Q What can my employer due to reduce my risk that I will be the victim of violence at my job?
Workplace violence is a serious threat that endangers two million workers every year, and homicide is the fourth leading cause of workplace death. While employers cannot control the random violent acts of employers, they can and should take steps to keep their employees safe. Sadly, many employers do not take this problem seriously enough, and workers are forced to experience the terror, injuries, and death caused by workplace violence.
Is Your Employer Following These Safety Practices to Reduce Your Risk of Violence at Your Job?
Employers do have a duty to protect workers from an undue risk of harm and injury—including from workplace violence where the perpetrator could be a co-worker. This is even more crucial for occupations where the risk of harm is greatest, such as healthcare, delivery drivers, professions involving the transfer of money, and teaching. Some of the ways that employers can reduce the risk of violence includes:
- Having a zero tolerance policy toward violence, which includes workers, customers, patients, contractors, and anyone else who has contact with employees.
- Developing a written violence prevention plan that includes a clear definition of workplace violence and examples of unacceptable behaviors, explains the consequences of engaging in violent actions, and create a procedure for making and investigating complaints of violence.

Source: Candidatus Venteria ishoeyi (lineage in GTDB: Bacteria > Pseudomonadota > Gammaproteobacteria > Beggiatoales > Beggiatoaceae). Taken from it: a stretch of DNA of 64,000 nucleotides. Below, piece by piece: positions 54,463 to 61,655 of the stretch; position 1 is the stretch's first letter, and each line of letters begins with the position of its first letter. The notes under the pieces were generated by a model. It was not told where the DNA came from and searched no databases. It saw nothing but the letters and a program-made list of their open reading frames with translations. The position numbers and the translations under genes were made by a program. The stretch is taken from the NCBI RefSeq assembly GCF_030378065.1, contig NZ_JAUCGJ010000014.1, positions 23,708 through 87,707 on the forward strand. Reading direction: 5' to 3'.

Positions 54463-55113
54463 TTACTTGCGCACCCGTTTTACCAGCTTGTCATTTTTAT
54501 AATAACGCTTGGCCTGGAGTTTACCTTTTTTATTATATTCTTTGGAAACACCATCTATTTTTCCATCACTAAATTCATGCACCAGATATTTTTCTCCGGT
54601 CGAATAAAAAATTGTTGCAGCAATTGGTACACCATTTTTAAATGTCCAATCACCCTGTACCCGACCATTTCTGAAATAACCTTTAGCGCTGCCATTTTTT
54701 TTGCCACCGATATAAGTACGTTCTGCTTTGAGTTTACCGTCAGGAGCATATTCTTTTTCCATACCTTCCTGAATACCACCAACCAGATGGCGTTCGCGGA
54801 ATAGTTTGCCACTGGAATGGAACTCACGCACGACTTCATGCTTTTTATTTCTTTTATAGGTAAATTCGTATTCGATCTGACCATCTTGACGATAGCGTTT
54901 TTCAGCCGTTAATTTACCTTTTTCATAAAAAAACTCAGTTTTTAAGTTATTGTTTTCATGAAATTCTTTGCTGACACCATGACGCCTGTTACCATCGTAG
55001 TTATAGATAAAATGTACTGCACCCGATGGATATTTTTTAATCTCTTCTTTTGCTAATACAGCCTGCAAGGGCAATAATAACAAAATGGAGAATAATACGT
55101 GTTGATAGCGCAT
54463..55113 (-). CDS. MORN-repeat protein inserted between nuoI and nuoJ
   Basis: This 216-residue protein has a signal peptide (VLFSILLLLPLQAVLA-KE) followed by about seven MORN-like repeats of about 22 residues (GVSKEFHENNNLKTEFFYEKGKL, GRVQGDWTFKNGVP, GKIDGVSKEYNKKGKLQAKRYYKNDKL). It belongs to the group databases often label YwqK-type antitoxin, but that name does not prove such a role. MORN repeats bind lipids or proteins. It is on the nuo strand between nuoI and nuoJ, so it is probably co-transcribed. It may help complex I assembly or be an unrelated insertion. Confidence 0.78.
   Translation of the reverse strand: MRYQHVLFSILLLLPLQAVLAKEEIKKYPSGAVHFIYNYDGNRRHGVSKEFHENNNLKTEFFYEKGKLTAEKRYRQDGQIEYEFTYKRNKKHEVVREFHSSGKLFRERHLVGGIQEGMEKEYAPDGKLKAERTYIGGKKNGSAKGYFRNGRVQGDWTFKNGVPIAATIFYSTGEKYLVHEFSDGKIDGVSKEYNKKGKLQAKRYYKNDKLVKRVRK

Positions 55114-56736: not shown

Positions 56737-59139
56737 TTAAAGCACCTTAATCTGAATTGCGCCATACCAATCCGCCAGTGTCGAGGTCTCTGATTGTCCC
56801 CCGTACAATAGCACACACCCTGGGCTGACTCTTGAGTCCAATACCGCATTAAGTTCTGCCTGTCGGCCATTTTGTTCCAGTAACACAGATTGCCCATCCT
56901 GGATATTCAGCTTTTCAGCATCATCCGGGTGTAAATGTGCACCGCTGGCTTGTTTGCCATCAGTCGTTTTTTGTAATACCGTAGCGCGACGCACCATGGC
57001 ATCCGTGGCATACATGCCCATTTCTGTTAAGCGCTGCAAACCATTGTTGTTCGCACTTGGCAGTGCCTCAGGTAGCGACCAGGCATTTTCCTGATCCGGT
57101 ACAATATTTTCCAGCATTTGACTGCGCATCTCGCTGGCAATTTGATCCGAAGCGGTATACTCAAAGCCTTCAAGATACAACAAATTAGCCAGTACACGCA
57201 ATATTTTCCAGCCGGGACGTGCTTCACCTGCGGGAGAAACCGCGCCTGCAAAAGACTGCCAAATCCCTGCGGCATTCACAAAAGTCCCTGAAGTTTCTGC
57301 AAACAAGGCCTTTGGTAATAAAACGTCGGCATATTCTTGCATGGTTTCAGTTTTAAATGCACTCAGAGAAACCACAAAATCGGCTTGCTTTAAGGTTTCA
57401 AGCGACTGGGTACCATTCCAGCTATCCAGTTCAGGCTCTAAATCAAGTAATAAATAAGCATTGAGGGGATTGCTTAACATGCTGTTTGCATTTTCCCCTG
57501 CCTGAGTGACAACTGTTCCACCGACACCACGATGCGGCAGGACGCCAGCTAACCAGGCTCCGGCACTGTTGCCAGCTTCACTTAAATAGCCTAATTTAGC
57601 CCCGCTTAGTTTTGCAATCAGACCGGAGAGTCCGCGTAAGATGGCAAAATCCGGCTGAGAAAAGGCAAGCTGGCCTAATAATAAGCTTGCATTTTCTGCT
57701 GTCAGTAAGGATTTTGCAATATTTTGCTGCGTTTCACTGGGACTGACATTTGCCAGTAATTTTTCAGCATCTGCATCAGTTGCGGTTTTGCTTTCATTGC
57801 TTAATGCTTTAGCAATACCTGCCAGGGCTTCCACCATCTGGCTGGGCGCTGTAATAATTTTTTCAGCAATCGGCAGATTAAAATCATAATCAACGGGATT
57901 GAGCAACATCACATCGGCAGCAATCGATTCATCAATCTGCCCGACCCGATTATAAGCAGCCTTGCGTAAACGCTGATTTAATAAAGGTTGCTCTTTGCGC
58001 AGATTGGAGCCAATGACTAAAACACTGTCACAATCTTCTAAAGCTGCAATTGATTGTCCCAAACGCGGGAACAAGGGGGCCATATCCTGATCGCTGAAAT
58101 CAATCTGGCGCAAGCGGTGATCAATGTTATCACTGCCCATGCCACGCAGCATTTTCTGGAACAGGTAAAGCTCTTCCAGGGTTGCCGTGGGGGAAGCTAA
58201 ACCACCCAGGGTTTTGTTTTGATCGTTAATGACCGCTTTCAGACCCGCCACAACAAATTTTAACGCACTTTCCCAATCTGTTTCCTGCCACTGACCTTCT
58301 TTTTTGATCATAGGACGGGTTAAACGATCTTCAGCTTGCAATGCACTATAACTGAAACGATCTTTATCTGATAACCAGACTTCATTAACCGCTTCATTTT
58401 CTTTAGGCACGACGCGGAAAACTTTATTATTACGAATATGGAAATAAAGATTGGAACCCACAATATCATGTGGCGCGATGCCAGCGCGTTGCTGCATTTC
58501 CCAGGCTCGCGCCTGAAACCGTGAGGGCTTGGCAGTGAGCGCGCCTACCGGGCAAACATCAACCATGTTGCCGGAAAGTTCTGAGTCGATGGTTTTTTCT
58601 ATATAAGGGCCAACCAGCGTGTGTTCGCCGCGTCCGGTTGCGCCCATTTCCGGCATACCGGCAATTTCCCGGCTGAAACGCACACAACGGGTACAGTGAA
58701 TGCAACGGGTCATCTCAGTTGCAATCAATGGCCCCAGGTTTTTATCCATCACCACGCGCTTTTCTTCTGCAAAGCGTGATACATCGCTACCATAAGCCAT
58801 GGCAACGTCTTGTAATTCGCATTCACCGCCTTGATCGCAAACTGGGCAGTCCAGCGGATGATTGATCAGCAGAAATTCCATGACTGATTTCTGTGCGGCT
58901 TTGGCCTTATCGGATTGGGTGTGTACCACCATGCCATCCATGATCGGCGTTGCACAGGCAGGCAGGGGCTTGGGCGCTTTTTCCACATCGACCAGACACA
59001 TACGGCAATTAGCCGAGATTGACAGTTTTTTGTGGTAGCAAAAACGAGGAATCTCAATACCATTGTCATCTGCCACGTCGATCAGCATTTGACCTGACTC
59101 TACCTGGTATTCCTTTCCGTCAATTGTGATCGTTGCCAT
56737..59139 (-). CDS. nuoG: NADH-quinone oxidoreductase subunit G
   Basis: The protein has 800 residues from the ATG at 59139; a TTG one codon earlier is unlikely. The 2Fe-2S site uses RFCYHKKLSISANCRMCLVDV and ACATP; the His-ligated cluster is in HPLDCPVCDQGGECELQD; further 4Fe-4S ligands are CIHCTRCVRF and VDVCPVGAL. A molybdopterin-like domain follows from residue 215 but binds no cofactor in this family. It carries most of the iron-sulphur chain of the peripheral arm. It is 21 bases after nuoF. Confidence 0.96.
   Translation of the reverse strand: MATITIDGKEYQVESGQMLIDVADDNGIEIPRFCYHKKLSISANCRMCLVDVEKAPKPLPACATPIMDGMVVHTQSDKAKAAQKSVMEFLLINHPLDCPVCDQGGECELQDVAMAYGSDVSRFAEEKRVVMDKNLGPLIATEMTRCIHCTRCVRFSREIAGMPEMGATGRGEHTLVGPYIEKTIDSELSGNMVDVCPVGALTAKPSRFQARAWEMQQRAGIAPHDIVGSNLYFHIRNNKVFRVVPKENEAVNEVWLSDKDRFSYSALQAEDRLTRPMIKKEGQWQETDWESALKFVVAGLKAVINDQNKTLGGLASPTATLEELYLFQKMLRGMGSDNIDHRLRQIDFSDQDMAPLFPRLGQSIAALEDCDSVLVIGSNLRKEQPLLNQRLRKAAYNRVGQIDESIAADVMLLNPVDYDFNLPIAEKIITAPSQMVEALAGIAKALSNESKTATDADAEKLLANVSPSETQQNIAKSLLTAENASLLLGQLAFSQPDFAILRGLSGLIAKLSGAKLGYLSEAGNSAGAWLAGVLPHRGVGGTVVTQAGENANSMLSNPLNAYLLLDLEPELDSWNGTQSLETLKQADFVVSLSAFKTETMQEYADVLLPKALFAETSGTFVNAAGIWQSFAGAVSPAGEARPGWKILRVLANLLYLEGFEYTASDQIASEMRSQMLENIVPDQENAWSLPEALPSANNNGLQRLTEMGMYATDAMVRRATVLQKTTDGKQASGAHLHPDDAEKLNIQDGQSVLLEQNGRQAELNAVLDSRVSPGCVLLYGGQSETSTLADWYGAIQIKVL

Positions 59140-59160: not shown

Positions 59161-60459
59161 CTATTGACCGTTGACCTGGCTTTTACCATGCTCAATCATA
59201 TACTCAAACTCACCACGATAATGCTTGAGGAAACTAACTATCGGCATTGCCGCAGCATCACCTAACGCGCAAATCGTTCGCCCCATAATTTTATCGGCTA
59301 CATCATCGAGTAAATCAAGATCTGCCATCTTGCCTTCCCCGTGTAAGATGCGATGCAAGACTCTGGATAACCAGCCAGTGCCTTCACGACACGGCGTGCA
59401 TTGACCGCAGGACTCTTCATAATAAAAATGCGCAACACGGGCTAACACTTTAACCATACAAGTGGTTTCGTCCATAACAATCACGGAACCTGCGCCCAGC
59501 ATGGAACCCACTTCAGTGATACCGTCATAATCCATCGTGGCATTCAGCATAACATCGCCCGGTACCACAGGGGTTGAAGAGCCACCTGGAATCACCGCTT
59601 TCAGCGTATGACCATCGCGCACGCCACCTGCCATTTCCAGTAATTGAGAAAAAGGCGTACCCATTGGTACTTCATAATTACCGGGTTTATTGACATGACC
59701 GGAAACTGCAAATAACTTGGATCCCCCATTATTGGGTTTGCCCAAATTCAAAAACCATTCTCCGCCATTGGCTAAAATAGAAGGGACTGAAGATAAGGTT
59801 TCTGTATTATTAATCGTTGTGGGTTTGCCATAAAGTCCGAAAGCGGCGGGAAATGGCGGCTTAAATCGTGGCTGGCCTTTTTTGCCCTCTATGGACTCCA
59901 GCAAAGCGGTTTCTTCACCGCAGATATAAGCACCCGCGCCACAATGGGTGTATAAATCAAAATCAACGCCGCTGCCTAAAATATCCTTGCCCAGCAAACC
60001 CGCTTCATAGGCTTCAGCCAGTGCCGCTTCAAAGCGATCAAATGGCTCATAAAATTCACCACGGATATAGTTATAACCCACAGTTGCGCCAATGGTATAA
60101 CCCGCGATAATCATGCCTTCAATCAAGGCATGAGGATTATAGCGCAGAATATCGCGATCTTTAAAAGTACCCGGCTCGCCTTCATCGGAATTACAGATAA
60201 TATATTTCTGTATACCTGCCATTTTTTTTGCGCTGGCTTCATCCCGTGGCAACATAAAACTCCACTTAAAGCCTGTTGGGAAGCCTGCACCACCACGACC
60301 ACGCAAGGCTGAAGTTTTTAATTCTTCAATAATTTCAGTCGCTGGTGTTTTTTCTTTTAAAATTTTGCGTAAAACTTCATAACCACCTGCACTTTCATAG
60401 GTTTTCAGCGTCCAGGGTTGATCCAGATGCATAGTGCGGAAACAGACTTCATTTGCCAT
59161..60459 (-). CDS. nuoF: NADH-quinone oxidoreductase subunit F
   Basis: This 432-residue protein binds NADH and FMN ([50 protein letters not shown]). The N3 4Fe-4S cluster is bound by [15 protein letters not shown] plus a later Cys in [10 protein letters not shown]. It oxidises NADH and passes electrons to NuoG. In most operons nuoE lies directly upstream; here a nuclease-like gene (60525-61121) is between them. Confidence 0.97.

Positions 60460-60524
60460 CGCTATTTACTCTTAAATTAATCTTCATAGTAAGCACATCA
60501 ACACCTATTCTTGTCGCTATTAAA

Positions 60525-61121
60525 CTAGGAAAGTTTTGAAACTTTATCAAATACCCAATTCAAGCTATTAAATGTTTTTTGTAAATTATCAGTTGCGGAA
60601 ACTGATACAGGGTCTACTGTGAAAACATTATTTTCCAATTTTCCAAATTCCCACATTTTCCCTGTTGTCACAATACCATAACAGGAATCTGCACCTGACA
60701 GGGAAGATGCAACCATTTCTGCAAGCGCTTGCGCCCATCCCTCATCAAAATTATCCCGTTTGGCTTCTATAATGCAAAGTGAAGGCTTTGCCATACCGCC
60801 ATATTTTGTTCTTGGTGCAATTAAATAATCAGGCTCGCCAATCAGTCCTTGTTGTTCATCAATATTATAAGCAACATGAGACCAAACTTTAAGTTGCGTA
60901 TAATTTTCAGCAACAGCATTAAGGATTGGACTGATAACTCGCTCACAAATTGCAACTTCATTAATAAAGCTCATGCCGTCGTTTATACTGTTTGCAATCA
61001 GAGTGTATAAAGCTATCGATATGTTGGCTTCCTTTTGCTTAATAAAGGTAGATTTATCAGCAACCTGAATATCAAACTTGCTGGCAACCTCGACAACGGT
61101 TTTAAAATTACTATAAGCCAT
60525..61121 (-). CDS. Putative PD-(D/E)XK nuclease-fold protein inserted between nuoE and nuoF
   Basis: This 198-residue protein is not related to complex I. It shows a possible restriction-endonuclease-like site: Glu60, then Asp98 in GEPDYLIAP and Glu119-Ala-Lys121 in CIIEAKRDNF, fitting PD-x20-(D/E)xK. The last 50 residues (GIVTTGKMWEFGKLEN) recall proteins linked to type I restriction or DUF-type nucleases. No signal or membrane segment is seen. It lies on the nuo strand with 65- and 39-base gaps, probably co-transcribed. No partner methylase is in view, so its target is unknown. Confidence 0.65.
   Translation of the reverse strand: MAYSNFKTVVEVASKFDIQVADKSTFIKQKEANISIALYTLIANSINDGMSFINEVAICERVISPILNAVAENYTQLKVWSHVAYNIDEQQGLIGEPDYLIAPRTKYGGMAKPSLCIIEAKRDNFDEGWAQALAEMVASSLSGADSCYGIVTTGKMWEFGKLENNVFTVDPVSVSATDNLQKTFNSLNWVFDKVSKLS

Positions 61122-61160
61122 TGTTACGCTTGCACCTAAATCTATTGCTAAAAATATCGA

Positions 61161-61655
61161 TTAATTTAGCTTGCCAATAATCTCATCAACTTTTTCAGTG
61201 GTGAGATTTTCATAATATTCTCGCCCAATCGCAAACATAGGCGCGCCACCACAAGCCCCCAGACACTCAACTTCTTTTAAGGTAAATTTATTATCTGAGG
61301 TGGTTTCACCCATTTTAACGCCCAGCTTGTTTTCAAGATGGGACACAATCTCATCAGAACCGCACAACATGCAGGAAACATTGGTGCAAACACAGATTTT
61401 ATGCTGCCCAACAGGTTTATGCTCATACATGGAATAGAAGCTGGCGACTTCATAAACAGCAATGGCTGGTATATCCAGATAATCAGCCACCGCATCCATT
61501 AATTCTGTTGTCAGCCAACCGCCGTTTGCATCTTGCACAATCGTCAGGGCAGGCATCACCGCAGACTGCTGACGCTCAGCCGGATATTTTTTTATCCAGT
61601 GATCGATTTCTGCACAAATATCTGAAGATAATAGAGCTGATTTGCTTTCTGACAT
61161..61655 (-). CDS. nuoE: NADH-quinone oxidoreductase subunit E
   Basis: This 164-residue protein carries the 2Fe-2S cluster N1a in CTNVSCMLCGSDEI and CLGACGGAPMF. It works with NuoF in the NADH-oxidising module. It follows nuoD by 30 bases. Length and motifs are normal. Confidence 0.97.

- Utilizing security measures, such as limiting the entrances to a workplace, using coded cards or keys to gain access to the building, installing physical barriers that prevent customers and patients from freely entering employee work spaces, and providing sufficient lighting.
- Keeping cash at the workplace to a minimum, using electronic payments when possible, and installing a safe.
- Keeping the parking lot and workplace entrances as well as work areas well-lit, especially at night.
- Adapting work practices to keep employees who must work off-site safe like being certain an employee in the office knows where these employees are working, having a designated contact person for workers in the field to call, and using a buddy system when necessary.
Even if your employer implements these safety measures, you could be the victim of workplace violence. Fortunately, you could be entitled to workers’ compensation benefits to pay your medical bills and lost wages. Call us today at 877-360-0183 to schedule a free, no-obligation consultation with workers' compensation attorney Manfred Ricciardelli.